Descriptive statistics were performed to analyse profiles of participants. Two tests to determine the suitability of a factor analysis were performed. The KMO measure yielded a result of 0.830 confirming the adequacy of the sample to do factor analysis. Bartlett’s test of Sphericity yielded x2=3.510E3; df=210 and p=0.000. Cronbach's alpha was .920 after removing “more secure” and “cover up” variables indicating a high level of internal consistency. Factor analysis involving principal component analysis and varimax rotation was performed, the results of which are presented in the next subsection.

Results and Discussion

A summary of the profiles of participants is presented in Table 1 as follows:

Table 1 Distribution of the Profiles of Participants
  Variable Frequency Percentage (%)
Gender Male 269 69
Female 119 31
Age 17-19 years 228 59
20-22 years 160 41
Area of residence Within a CBD 98 25
Just outside CBD 88 23
In a township 110 28
In a rural area 92 24
Self-service banking innovation
(you may select more than 1 option)
ATM 56 14
EFTPoS 88 23
Bank cards 97 25
Laptop 150 39
Cell phone 300 77
Tablet 150 39
Usage of SSTs Use 304 78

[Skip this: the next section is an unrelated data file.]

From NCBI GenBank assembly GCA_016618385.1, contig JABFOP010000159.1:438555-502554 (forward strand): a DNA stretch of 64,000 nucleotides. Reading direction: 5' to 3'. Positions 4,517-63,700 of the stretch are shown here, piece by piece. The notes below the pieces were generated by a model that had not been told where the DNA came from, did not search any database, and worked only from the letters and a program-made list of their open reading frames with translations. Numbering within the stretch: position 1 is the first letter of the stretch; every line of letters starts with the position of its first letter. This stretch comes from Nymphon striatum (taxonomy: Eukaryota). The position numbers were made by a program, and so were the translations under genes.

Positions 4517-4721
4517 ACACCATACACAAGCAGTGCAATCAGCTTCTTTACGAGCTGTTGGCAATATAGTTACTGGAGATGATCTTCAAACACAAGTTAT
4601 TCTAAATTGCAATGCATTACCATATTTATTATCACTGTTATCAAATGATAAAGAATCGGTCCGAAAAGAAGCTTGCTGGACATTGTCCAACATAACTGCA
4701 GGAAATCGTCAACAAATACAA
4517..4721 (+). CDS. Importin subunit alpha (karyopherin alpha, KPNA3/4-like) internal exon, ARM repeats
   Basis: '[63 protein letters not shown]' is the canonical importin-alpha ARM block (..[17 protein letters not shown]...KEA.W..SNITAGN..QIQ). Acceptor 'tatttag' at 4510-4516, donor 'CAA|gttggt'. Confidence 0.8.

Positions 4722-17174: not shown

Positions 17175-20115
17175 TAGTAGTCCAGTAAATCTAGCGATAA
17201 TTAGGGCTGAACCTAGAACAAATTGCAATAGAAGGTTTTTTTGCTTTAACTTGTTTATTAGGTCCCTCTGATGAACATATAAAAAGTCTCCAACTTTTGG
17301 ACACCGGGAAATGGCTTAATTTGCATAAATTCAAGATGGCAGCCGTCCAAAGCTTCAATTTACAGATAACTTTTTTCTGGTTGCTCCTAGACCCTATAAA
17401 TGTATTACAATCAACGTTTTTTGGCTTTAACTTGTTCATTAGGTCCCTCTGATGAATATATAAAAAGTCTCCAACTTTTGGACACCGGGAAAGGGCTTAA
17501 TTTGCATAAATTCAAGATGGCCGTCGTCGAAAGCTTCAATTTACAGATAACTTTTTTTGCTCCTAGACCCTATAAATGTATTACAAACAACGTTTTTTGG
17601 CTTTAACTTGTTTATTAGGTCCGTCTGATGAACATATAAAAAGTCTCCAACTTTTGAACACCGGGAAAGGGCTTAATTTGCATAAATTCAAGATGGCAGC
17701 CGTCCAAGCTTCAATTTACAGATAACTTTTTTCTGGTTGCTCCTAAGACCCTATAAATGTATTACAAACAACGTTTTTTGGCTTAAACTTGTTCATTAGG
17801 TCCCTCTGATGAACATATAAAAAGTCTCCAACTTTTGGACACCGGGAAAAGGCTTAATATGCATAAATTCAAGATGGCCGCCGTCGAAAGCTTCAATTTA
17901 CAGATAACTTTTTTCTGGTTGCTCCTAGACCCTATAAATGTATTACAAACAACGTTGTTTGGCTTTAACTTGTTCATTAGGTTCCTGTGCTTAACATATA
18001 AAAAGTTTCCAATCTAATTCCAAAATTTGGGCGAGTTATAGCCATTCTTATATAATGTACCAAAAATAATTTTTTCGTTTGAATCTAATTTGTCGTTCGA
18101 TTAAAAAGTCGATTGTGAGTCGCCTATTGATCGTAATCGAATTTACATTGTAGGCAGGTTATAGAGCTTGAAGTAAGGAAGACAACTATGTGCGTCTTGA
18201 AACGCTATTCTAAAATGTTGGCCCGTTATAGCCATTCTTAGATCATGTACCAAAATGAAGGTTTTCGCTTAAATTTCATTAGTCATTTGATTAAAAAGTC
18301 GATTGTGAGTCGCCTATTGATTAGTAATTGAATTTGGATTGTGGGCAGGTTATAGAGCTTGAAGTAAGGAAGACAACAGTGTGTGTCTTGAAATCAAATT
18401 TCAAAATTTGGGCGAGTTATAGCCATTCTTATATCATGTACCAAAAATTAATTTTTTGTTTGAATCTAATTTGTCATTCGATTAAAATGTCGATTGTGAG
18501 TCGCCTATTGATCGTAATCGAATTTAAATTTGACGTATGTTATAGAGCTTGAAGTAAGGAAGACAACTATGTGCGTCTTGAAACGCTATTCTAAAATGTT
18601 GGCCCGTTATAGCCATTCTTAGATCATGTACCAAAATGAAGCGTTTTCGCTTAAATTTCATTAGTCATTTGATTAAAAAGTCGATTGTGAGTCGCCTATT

Don’t use 84 22

In analysing profiles of participants, the results show that participants were mostly males (69%) and most participants were in the 17-19 years category (59%). In terms of area of residence, the results show a fair distribution of participants with most participants staying in townships. The type of innovations youths are using in self-service retail banking transactions in order of popularity are as follows: cell phones (77%), laptops (39%), tablets (39%), bank cards (25%), EFTPoS (23%) and ATMs (14%). These results confirm that cell phones, laptops and tablets are more popular due to their mobility and handiness. Participants are fairly and evenly spread in terms of their areas of residence, i.e. residing in CBDs 25%, outside CBD 23%, in townships 28%, and in rural areas 24%. This implies that youths are technologically savvy regardless of the area of residence. In terms of usage of self-service technologies, 78% use self-service technologies while 22% do not. Prior studies confirm that adoption of self-service technologies globally is around 80% while those resisting their usage account for the remainder. It is based on the 22% above not using self-service technologies that subsequent statistical analysis is performed in order to determine the underlying factors contributing to such behaviour.